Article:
johnsongrass USDA PLANTS Symbol: SOHA
U.S. Nativity: Exotic
Habit: Grass or Grasslike
Sorghum halepense (L.) Pers.

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Taxonomic Rank: Liliopsida: Cyperales: Poaceae
Native Range: Africa, Asia ()

Johnsongrass is a tall (up to 8 ft. [2.4 m]), rhizomatous, perennial grass that invades open areas throughout the United States. The 2 ft. (0.6 m) long, lanceolate leaves are arranged alternately along a stout, hairless, somewhat upward branching stem and have distinct, white midribs. Flowers occur in a loose, spreading, purplish panicle. Johnsongrass is adapted to a wide variety of habitats including open forests, old fields, ditches and wetlands. It spreads aggressively and can form dense colonies which displace native vegetation and restrict tree seedling establishment. Johnsongrass has naturalized throughout the world, but it is thought to be native to the Mediterranean region. It was first introduced into the United States in the early 1800s as a forage crop.

Identification, Biology, Control and Management Resources

Selected Images from Invasive.orgView All Images at Invasive.org


Flower(s);
Jil Swearingen, USDI National Park Service, Bugwood.org
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Flower(s); July. Photo from Forest Plants of the Southeast and Their Wildlife Uses by J.H. Miller and K.V. Miller, published by The University of Georgia Press in cooperation with the Southern Weed Science Society.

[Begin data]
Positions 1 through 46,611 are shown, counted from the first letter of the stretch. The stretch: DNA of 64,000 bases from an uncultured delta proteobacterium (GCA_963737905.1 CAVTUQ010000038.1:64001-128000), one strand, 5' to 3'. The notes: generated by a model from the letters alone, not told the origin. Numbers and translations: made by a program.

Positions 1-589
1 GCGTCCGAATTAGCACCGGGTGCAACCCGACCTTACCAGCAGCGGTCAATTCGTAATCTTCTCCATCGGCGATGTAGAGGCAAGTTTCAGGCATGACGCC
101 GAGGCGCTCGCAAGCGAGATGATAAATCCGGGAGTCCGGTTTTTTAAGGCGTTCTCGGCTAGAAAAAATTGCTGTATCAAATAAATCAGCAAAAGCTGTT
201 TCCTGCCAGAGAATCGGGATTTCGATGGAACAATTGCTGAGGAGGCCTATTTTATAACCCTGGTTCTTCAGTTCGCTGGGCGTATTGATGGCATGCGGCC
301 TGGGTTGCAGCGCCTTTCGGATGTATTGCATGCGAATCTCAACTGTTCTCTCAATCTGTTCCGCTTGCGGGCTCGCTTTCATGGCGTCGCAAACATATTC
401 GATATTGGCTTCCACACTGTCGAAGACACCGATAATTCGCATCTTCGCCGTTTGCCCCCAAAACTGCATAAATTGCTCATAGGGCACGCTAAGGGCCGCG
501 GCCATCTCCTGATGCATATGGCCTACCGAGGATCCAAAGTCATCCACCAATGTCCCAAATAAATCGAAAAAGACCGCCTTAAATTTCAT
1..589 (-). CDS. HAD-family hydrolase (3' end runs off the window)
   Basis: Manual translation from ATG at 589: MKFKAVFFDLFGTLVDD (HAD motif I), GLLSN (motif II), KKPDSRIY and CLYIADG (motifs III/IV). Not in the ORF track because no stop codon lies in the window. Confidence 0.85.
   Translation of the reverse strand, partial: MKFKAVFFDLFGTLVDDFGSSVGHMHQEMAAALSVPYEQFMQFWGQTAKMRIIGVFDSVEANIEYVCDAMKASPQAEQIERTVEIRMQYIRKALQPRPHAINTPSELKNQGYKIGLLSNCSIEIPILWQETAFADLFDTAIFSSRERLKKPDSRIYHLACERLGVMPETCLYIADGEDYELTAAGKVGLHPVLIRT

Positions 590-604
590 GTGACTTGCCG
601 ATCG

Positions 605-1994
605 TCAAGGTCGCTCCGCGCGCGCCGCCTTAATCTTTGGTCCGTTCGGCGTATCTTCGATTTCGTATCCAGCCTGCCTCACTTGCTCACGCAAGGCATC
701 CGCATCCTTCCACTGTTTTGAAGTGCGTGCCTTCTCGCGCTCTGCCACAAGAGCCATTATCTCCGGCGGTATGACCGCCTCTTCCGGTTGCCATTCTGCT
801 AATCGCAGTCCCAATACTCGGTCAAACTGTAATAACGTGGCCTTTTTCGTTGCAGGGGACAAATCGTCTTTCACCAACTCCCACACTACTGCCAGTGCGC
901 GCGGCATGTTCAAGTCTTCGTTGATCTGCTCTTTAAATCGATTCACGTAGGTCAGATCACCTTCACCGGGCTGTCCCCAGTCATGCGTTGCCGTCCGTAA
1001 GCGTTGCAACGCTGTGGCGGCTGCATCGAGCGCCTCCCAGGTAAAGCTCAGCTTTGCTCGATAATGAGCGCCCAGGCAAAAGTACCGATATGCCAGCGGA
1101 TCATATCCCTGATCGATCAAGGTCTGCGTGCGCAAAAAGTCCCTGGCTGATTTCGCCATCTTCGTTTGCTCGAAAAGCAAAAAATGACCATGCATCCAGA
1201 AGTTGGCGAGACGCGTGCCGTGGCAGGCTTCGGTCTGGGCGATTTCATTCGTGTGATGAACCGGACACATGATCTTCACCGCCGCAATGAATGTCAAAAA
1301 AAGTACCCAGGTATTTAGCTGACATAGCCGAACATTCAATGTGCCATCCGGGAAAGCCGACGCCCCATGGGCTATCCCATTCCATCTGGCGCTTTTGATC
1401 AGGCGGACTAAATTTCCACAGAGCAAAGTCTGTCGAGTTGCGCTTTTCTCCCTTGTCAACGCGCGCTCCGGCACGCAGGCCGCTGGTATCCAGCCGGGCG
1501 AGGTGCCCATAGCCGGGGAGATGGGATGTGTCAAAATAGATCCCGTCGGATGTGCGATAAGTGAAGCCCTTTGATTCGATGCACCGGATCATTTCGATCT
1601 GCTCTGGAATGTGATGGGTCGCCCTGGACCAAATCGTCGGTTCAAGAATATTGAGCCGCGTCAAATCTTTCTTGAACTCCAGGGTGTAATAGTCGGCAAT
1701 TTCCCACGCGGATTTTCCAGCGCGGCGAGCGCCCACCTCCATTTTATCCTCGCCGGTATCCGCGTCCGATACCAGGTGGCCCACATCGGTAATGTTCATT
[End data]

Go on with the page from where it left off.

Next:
James H. Miller, USDA Forest Service, Bugwood.org
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Spikelet(s); Ventral view of spikelets with pedicel and rachis segment
Julia Scher, USDA APHIS PPQ, Bugwood.org
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Plant(s);
Barry Fitzgerald, USDA Agricultural Research Service, Bugwood.org
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Infestation;
Steve Dewey, Utah State University, Bugwood.org
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Seedling(s);
Steve Dewey, Utah State University, Bugwood.org
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Root(s); Roots
Steve Dewey, Utah State University, Bugwood.org
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Feature(s); Ligule
Steve Dewey, Utah State University, Bugwood.org
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Plant(s);
Steve Dewey, Utah State University, Bugwood.org
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Rhizome / Stolon; Rhizomes
Steve Dewey, Utah State University, Bugwood.org
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Feature(s); Leaf collar region
Steve Dewey, Utah State University, Bugwood.org
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Infestation; Invasive plants complicate roadise begetation management programs, create safety hazards by obscuring visibility and increasing the intensity of roadsidefires, and provide seed sources for infestation of adjacent fields.
Bonnie Harper-Lore, Federal Highway Administration, Bugwood.org
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Plant(s);
Charles T. Bryson, USDA Agricultural Research Service, Bugwood.org
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Root(s);
Chris Evans, Illinois Wildlife Action Plan, Bugwood.org
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Plant(s);
Chris Evans, Illinois Wildlife Action Plan, Bugwood.org
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Foliage; Ligule
Chris Evans, Illinois Wildlife Action Plan, Bugwood.org